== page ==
Other characteristics and advantages of the present invention will emerge from the following description of one embodiment by way of non-limiting example only.

BRIEF DESCRIPTION OF THE DRAWINGS

In the appended drawing:

FIG. 1 is a block diagram of a fiber drawing device enabling the method in accordance with the invention to be implemented,

FIG. 2 is an enlarged schematic view of part of a fiber in accordance with the invention as shown at II in FIG. 1.

DESCRIPTION OF THE PREFERRED EMBODIMENTS

FIG. 1 shows a fiber drawing installation associated with a preform 1. It comprises a fiber drawing furnace 30, a device 4 for monitoring the diameter of the fiber 2 leaving the furnace 3 and a device 5 for continuously applying to the fiber 2 a metal or mineral coating by vapor phase deposition or other coating method.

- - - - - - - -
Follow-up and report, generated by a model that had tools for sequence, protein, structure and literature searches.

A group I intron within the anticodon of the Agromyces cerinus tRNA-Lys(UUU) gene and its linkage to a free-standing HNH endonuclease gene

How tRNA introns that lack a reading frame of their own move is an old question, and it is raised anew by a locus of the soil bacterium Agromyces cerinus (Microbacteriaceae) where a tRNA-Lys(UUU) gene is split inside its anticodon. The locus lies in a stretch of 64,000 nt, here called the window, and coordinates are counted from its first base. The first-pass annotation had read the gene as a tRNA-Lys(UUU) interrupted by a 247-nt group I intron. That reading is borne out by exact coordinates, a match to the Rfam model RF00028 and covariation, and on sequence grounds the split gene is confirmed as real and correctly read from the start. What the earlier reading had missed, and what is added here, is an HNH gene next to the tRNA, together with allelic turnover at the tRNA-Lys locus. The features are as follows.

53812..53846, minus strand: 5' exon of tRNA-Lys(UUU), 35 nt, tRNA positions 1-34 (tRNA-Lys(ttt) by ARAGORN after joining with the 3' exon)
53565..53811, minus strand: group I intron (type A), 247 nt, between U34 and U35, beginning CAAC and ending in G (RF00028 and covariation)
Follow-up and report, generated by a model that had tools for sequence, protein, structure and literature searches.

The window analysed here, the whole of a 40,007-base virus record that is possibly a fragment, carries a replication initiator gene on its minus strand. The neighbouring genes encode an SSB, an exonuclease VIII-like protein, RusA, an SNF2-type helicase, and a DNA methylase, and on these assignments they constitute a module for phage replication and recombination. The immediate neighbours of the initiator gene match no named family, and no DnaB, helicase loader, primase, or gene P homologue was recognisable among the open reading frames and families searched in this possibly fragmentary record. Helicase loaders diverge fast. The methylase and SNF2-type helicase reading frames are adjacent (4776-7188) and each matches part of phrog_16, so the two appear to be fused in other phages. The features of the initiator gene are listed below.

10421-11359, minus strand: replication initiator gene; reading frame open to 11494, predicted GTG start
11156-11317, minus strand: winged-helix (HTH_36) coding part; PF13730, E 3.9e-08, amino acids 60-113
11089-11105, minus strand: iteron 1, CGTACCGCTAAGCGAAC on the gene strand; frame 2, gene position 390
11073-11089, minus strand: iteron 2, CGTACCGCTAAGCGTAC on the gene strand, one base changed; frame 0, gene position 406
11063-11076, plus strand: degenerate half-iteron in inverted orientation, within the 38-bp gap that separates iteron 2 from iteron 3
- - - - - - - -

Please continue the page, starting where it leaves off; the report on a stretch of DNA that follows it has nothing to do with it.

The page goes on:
For example, French patent application No 2 631 462 describes means for coating an optical fiber with a metal chosen from tin, indium, bismuth, lead, antimony, silver, aluminum and their alloys. Carbon, silicon carbide or silicon nitride can also be deposited in the vapor phase to form a coating.

The fiber 2 with its coating is denoted 3 in the figure. For a fiber with a diameter of 125 μm, the thickness of the carbon coating is between 0.1 μm and 5 μm, for example.

According to the invention, a continuous laser beam 11 operating at a wavelength of 1.06 μm and at a power in the order of 100 watts, for example, has its axis 17 orthogonal to the fiber 3. The following are placed on the path of said beam:

a convergent lens 10 which is eccentric relative to the axis 17, associated with means for rotating it about the axis 17 (as shown by the arrow 21),